There seems to be a carry over from the dislike of movie sequels into games as far as I can tell. I hate sequels to great movies - almost without exception they're made simply because they're a safe bet; an attempt to recreate a previous success by doing more of the same with the expectation that name recognition will ensure a profit. They don't

      • by mcmonkey (96054) on Wednesday November 14, 2007 @09:18PM (#21357681) Homepage

        Repetition is not ALWAYS a bad thing.

        You can say that again.

    • by MBCook (132727)

      That's what I got from this review. It actually sounds kind of fun (I only play FPSes once in a while) and sounds like an improvement of the "purer" FPSs that I've played (never played a CoD). But is really doesn't sound like too much more than an incremental improvement.

      Yet I've seen reviews placing it at 90-100%. Super Mario Galaxy (a game that is quite a bit of a leap compared to other platformers) is in the same territory.

      This game got a very fair score here at /. I'd have even called a 4/5 fair. But

      • Re:Review (Score:4, Insightful)

        by modecx (130548) on Wednesday November 14, 2007 @06:44PM (#21355987)
        I've only played the demo, but I will be getting the game for PC later on tonight.

        Here's my perspective: I'm an FPS hog, but have never laid my hands on a CoD game prior to starting the demo. Basically, I've been playing Battlefield 2, 2142, Day of Defeat, Counterstrike, America's Army and some other recent title for a while. I recently upgraded my gaming computer and haven't laid my hands on a lot of the shiny, newer FPS games.

        I'm all for improved graphics, if it adds to atmosphere. The thing with CoD4 is that it's got a metric assload of atmosphere. After an hour of messing around with the various difficulty levels in the demo and trying stuff out, I got a little motion sick, to be honest. I mean, I didn't have run to the bathroom to retch, but it's the closest I think I've ever come to that due to motion related stuff, and I do not get sick on planes, boats, or anything else, even if I'm watching someone empty their stomach--probably due to my love of FPSs.

        If someone strapped a high def camera to a soldier's helmet and put him in a similar situation, I imagine the result would be pretty close to what you see in the game play. My second run the next day didn't hit me that way, but it's still pretty powerful. Actually, the detail in the game isn't all that noticeable when you're running and gunning.

        Sure, if you sit there and look around, it's pretty stunning; but if you sit there, you and your squad are dead! For the most part, the game keeps you going pretty much constantly. One cool thing I noticed in the demo is how an overhead illuminating flare is used to light up the battlefield in the last encounter of the demo. I mean, it looked pretty freaking good, created shadows all over the place, etc. Likewise, the night vision segment was really good, and it just feels real unlike it does in most other games.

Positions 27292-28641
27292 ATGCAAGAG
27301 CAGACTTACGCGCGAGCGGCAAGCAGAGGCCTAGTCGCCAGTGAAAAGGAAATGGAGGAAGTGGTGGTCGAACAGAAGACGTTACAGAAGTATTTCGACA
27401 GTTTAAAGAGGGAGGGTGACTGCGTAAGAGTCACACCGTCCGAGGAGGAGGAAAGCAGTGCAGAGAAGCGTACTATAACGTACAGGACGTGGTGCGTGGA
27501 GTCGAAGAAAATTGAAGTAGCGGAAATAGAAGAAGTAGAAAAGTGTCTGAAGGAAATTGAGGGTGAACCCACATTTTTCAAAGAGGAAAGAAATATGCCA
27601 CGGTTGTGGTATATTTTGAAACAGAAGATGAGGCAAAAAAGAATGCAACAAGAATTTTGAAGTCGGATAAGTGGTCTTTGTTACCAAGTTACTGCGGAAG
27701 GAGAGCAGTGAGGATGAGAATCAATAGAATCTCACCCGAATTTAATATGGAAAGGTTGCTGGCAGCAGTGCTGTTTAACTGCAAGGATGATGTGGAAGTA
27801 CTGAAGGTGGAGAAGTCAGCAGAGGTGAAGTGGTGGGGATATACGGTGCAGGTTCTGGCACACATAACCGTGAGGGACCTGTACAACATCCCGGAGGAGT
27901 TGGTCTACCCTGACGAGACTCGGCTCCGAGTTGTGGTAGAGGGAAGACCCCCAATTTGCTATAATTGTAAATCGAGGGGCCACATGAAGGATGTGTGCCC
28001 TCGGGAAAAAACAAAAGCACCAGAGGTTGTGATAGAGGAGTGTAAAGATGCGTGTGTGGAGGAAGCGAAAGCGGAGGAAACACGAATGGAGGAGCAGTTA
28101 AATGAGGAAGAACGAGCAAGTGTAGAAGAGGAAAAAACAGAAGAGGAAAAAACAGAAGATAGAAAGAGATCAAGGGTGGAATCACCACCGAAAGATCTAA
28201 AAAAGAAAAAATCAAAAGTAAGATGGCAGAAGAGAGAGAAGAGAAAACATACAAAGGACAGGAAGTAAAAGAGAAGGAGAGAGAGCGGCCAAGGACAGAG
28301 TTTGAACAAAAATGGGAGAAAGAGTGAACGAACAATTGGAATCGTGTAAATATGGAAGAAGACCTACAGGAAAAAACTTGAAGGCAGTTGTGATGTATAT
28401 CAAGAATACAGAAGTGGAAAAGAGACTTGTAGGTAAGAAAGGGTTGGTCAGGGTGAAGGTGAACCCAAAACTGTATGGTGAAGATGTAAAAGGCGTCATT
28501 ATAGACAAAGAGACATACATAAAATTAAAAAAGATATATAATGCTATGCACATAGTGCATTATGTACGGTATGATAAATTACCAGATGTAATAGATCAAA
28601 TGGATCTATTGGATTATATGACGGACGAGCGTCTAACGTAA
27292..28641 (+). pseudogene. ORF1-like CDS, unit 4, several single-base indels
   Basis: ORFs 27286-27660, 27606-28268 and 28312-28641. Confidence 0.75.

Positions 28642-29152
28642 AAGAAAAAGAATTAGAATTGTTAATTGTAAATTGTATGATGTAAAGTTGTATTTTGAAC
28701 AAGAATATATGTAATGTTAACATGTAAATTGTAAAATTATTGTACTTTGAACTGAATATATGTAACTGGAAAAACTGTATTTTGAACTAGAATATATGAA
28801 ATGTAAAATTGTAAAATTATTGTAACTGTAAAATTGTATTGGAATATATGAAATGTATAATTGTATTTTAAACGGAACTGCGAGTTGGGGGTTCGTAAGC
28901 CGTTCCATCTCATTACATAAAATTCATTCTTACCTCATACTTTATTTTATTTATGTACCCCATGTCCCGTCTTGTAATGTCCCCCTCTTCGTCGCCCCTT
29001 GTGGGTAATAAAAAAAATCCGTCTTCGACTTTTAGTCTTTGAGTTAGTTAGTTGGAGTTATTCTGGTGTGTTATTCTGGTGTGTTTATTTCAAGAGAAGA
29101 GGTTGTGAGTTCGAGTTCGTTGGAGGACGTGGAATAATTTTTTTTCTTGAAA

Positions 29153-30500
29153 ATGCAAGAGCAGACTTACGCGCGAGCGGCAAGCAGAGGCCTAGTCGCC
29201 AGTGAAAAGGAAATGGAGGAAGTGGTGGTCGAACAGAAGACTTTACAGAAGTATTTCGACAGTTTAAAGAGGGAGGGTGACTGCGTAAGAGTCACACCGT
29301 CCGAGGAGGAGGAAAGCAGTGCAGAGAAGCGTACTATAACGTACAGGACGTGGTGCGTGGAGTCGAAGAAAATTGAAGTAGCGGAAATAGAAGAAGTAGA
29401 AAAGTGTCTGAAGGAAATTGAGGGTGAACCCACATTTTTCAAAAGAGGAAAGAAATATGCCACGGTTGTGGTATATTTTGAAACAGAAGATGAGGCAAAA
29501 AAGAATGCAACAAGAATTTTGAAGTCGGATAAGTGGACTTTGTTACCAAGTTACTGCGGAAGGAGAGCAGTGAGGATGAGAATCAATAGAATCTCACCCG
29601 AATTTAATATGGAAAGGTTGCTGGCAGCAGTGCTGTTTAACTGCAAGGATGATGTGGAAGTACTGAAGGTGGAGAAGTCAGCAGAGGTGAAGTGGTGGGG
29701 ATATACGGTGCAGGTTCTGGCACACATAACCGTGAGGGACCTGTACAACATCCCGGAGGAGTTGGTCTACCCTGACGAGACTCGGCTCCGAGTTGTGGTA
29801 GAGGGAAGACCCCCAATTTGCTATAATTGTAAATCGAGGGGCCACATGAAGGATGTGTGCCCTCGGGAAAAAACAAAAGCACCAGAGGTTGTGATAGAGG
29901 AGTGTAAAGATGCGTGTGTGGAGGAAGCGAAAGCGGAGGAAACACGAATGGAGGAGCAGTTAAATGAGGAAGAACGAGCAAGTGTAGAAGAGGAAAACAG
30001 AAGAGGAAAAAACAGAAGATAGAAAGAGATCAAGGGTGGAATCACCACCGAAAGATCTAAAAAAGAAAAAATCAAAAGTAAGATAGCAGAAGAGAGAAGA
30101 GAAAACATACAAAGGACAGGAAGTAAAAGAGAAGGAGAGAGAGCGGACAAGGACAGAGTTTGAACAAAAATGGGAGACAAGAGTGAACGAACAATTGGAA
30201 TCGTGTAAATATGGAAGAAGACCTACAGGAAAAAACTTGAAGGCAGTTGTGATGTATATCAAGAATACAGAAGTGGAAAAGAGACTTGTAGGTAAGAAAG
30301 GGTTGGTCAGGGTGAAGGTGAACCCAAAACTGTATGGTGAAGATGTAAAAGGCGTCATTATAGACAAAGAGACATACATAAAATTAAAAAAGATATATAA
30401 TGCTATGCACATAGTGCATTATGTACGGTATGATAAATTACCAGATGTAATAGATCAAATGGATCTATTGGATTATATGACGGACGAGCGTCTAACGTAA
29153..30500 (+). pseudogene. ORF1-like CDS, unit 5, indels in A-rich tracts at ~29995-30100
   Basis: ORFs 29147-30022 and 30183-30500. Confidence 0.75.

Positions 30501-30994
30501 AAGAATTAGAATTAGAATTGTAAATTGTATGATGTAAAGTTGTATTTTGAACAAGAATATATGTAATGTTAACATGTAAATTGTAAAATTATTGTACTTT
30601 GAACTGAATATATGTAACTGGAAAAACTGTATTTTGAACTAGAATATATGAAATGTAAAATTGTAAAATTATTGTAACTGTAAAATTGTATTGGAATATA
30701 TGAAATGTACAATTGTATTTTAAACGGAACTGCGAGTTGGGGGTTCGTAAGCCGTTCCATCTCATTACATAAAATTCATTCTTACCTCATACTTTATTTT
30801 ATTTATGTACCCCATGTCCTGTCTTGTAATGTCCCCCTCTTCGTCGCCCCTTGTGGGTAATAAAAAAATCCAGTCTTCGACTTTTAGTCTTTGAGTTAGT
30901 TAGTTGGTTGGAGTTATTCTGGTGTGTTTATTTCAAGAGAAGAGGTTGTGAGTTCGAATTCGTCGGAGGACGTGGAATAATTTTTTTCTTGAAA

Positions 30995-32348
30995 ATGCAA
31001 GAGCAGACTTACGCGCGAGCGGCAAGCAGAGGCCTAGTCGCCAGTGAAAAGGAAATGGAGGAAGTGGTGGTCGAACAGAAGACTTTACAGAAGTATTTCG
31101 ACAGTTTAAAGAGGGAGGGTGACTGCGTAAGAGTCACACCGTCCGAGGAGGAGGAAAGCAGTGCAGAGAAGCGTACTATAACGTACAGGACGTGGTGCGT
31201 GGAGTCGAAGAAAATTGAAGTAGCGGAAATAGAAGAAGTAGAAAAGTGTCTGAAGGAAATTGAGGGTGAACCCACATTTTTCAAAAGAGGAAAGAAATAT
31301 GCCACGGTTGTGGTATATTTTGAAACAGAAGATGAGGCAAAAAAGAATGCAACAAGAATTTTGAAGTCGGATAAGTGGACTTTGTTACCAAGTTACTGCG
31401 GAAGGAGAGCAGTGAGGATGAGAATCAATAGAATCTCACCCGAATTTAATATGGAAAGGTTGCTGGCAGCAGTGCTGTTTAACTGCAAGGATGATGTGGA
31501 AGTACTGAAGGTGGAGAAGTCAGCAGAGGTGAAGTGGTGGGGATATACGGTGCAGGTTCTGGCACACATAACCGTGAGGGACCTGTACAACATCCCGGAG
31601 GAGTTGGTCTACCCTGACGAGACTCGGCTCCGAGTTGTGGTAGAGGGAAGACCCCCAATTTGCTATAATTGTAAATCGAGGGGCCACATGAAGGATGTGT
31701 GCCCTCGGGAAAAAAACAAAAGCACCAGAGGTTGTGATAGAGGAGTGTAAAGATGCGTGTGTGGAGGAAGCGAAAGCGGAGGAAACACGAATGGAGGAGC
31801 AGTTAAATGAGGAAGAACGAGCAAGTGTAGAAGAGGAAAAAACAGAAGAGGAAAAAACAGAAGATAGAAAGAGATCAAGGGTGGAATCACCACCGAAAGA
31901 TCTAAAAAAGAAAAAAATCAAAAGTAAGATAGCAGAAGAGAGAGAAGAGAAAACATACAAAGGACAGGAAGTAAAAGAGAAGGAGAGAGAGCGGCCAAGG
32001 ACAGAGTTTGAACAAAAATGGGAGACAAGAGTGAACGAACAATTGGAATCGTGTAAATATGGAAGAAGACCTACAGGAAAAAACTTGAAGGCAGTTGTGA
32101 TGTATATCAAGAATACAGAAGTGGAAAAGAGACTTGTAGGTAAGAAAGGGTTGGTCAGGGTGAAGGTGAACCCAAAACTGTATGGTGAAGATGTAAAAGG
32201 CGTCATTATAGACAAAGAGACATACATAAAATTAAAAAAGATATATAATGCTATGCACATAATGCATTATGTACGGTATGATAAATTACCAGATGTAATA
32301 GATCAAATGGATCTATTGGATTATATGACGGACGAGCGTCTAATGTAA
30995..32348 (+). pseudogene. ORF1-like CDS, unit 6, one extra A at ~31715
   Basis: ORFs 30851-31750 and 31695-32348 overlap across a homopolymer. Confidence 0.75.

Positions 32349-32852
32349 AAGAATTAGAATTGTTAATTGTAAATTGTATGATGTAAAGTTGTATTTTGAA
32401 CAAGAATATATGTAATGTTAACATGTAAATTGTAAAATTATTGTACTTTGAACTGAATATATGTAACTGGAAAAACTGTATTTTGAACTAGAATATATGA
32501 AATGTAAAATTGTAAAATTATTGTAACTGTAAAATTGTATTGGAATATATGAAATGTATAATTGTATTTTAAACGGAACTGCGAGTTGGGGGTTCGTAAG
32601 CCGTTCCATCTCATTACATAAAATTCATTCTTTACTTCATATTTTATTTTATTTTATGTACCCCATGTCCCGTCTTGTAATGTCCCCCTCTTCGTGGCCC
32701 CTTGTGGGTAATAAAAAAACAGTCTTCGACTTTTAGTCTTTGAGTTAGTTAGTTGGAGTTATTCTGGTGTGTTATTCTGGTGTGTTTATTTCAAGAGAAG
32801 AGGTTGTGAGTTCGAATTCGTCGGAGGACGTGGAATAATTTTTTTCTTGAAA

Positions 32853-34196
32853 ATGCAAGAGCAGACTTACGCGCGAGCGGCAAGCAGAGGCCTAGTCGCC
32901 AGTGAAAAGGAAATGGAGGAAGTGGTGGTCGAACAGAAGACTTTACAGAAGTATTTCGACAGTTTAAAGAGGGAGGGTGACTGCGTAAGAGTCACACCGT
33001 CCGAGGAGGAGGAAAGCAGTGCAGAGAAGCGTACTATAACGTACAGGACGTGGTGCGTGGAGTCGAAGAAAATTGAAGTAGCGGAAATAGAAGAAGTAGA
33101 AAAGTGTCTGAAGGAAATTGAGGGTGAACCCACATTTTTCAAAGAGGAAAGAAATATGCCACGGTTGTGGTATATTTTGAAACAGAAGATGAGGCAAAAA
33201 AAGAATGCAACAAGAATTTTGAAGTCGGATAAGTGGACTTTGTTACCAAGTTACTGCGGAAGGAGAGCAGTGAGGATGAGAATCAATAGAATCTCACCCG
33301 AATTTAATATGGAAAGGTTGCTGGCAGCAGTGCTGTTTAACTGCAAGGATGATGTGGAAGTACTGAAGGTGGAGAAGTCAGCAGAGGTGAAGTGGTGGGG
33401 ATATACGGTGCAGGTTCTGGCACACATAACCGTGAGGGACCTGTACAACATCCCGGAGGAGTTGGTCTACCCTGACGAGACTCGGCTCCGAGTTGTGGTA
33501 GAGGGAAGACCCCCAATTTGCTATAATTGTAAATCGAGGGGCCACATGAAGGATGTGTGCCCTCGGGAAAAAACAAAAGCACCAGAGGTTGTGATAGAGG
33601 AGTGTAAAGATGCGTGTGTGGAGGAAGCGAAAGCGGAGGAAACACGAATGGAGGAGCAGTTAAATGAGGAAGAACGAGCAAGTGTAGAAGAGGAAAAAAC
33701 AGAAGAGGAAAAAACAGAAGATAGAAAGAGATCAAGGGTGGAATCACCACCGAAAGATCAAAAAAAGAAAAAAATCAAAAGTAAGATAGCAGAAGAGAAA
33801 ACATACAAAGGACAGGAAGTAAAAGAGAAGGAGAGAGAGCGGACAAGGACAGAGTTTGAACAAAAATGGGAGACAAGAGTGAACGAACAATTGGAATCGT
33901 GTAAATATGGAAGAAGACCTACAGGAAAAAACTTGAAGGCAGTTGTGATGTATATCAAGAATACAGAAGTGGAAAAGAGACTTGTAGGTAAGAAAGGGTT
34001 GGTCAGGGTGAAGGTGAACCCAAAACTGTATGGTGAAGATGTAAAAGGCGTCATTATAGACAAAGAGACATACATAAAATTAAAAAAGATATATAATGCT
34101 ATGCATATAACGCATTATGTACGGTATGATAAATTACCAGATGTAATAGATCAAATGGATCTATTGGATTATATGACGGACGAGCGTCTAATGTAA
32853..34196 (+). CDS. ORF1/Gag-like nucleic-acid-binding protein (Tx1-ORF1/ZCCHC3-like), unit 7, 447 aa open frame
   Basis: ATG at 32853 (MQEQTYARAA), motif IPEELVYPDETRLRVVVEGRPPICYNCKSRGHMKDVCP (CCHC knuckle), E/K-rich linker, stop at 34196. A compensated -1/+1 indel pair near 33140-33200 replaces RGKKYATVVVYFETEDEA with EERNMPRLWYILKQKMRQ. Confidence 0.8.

I think a problem the /. crowd has with super snazzy graphics is that games with great graphics are often poorly done in other areas, simply because the game studio concentrated only on graphics and not other (more important) game mechanics, and as a result the game becomes generally un-fun and disappointing. IMHO, from what I've seen, CoD4 is not one of those games--I do think it's going to be a very fun, compelling game, and the graphics, sound and play do make it an immersing experience.
        • Re: (Score:3, Informative)

          by McFadden (809368)

          I think a problem the /. crowd has with super snazzy graphics is that games with great graphics are often poorly done in other areas, simply because the game studio concentrated only on graphics and not other (more important) game mechanics, and as a result the game becomes generally un-fun and disappointing. IMHO, from what I've seen, CoD4 is not one of those games--I do think it's going to be a very fun, compelling game, and the graphics, sound and play do make it an immersing experience.

          If I could mod

    • I will continue to pay $50 for this sort of story telling and immersion, even if it is only 6 hours a game.
      • Re: (Score:3, Interesting)

        by ad0gg (594412)
        COD4 is more like a movie than a video game. Haven't passed the game yet but gameplay and story are quite enjoyable though I wish the AC130 gunship level was a little longer. On a side note, games can be too innovated. Forexample, mario galaxy. Great game only issue is that its gameplay is so innovated that my brain has not adapted to it yet. I get motion sickness after an hour of play. I wanted to continue playing but couldn't. Maybe i'll buy some dramine for tonight's gaming session.
        • I enjoyed the gunship as well. The problem that I had was I had a hard time picking out which guys were mine. I wish they had made them a different color rather than a non-obvious 'blinking'.
    • by JPriest (547211)
      I tend to be one of the "same game, different graphics" kind of grieffer. It took just one Saturday for me to beat the game, but it was definitely worth renting. It was one of the few games that left me thinking "man I would like to see this on an HDTV". It felt way more real than many other similar games I have played before it. it certainly sets raises the bar. I don't have time to play the game online, but if I did I would probably buy it.